I arrived at the BJC a bit earlier than I had planned, so I was waiting alone in a corner, looking around like a deer in the headlights, for the Director of the CEN, Susan, to arrive.
Just when I was about to give myself over to the nerves of those trudging in starchy suits around me, I saw a familiar face: Emma Decker, an English major who I know from the Liberal Arts Undergraduate Council (LAUC). She looked fabulous, in a sharp blazer with her blond curly hair coiffed to perfection.
Emma's presence is proof in itself that Liberal Arts students do indeed attend the Career Fair with a fresh sense of determination and specific goals. As for Emma's goals at the Fair: "Today I'm here to see CIGNA and ABC Supply because they both are based in Philly, and I know that they are looking for interns," she said. I was really impressed to see that Emma was determined to make her mark even at booths for a health insurance firm and a housing supplier, respectively.
Another of my first observations at Gate A was a shocking one: it seemed like at least 40% of the students here had absolutely no idea what to wear to a business formal event. I saw people in jeans, girls in "weekend" heels, and unkempt heads of hair all around me. After seeing some of these people, I know that a "dress for success" blog post is wholly necessary!
Once Susan arrived, she wasted no time in giving my fellow intern, Juliana Viau, and me some important tips about navigating the BJC during the Fair. One of these tips, humorously, was to "always take the blue stairs to get from floor to floor...the gray stairs lead all of the way out of the building!"
She also capitalized on the point that "employers are not grouped by major," mostly because it would be very awkward for competitors to be right next to each other, offering interviews to the same set of students! As a result, she emphasized, "you need to do your research before you come. As you can see, it's very hard to figure out who to talk to when you're actually here."
Her observation rang true; the labyrinthine array of blue and white screens did a good job of sectioning and separating the employers from each other, and Juliana and I were a little overwhelmed when Susan left us to take a look around for ourselves.
One of the first booths we visited was for SRA International, a firm that creates technology for the intelligence community. This sounded to us like they weren't looking for Liberal Arts majors, but the genial, British recruiter replied, "We are tech folks, but we're also looking for policy people [in] international business, English, and political science to be proposal writers and technical writers." His comrade then added, cheekily, "We hire smart people."
It turns out that even companies that had signs for specific majors were ultimately just looking for "smart people" as well. I spoke to an amiable representative from CGI, a tech solutions company that has contracted with the US government, about the sign at her booth that said "Supply Chain, Marketing, and IT." When I asked her if that was the be-all, end-all for CGI, she quickly replied, "Oh no; we do what we call 'nontraditional recruiting' as well. We need people with analytical skills and documentation skills."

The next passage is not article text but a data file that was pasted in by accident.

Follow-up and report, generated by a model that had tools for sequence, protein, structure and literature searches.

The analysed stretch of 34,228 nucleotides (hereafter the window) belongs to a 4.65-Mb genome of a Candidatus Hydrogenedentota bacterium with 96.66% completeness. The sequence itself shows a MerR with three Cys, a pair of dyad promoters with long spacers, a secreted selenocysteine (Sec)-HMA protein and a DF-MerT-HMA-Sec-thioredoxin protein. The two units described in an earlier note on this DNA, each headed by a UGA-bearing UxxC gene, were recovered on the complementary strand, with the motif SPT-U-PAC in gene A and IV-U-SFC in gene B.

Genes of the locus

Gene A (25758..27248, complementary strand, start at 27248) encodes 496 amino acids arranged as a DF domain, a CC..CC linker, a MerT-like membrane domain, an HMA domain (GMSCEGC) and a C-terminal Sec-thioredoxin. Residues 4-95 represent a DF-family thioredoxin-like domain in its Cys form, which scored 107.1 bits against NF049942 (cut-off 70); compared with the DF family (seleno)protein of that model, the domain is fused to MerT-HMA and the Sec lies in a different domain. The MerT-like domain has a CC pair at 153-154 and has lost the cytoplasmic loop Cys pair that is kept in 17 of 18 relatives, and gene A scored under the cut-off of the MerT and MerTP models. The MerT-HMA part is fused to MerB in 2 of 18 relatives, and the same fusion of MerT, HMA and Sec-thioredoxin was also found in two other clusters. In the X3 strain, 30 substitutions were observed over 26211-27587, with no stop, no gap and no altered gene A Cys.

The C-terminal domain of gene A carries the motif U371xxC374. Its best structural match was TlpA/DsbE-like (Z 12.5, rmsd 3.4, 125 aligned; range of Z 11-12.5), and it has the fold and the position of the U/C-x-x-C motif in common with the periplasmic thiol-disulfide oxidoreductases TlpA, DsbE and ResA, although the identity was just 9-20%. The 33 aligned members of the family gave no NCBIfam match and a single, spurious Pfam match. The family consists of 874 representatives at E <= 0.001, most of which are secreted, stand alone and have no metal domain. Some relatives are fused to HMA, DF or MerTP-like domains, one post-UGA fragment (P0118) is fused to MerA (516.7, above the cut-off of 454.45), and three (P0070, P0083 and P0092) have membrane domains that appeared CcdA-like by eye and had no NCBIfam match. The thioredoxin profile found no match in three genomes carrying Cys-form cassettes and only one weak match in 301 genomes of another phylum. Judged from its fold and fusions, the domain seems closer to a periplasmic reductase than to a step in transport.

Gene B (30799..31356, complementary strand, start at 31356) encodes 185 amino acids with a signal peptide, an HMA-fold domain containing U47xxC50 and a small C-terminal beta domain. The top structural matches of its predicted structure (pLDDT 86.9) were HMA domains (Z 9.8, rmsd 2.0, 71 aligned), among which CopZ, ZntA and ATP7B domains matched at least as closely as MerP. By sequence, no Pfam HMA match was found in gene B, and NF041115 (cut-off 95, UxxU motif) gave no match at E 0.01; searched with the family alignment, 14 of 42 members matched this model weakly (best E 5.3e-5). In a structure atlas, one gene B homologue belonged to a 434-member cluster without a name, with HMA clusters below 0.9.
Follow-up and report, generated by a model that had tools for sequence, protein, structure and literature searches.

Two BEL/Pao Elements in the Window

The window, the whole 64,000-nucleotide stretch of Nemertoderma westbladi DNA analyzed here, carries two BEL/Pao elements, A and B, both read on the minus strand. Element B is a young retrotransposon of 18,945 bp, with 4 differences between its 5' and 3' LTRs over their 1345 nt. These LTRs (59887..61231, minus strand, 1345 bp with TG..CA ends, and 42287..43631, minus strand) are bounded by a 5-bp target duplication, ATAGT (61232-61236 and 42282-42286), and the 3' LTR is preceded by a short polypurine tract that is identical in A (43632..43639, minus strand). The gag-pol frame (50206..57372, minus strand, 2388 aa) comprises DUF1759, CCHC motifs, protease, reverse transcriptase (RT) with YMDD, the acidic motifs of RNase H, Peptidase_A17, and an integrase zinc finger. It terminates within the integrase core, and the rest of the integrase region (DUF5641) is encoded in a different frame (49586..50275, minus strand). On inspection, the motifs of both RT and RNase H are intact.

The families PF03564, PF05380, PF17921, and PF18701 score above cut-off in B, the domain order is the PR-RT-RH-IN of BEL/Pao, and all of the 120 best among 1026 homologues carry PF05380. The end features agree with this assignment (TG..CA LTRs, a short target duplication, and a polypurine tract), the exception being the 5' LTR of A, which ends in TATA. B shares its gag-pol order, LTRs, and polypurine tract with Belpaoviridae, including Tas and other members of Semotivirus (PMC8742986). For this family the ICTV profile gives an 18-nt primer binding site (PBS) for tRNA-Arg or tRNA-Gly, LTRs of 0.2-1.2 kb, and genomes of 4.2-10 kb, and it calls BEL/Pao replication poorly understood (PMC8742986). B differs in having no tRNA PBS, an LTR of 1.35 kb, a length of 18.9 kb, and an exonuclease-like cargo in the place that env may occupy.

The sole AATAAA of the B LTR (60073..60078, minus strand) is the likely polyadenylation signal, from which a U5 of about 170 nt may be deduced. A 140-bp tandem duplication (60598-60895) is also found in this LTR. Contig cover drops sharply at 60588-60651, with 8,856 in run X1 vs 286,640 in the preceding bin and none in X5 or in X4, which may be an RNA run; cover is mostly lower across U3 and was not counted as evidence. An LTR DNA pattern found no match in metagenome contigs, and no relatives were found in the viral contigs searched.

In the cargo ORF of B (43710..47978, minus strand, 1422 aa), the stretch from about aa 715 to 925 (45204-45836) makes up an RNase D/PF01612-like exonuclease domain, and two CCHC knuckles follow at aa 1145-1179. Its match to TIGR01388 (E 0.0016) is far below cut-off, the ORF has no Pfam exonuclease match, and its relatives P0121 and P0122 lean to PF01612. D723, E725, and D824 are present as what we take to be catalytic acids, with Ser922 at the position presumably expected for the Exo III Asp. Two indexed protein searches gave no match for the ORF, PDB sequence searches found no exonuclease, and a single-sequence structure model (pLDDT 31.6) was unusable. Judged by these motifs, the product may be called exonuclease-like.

Dick's Sporting Goods also capitalized on the skills, not the majors, that their company wanted, and added an interesting request: "We want our employees to live the sports lifestyle and be really passionate about sports." They certainly came to the right university!
Finally, we went to speak to the National Geo-spatial Intelligence Agency (NGA, pictured). Gregarious recruiter Paula, although not entirely sure what Liberal Arts actually meant, was sure that our skill-set would come in handy somewhere in her company. She cited a position in a field called "human geography," and, after Juliana and I mentioned our anthropology department, she replied enthusiastically that "We definitely need anthro majors for this department. If you go on our website, these positions will come up under 'political geography'."
At the end of my day at the BJC, I felt significantly more relaxed than when I came in. I realized it was really quite easy to talk to recruiters, and that many are just regular people who, as Susan said, "are looking for good assets for their organizations." Many of them, like Paula from NGA, come to the fair just because they love interacting with young people and building their brand.
This struck me as not being unlike an attitude we would have here at Penn State; we love interacting with alumni of all ages, and we, too, are always supportive of our Penn State brand.
So in the end, I would certainly recommend that any Liberal Arts major check out the Career Fair. If you do your research beforehand (Like I did in this blog post!), it proves to be a fun experience that allows you to meet all sorts of interesting, passionate people. Also, you never know if you'll be one of those "smart people" that these companies can't wait to hire!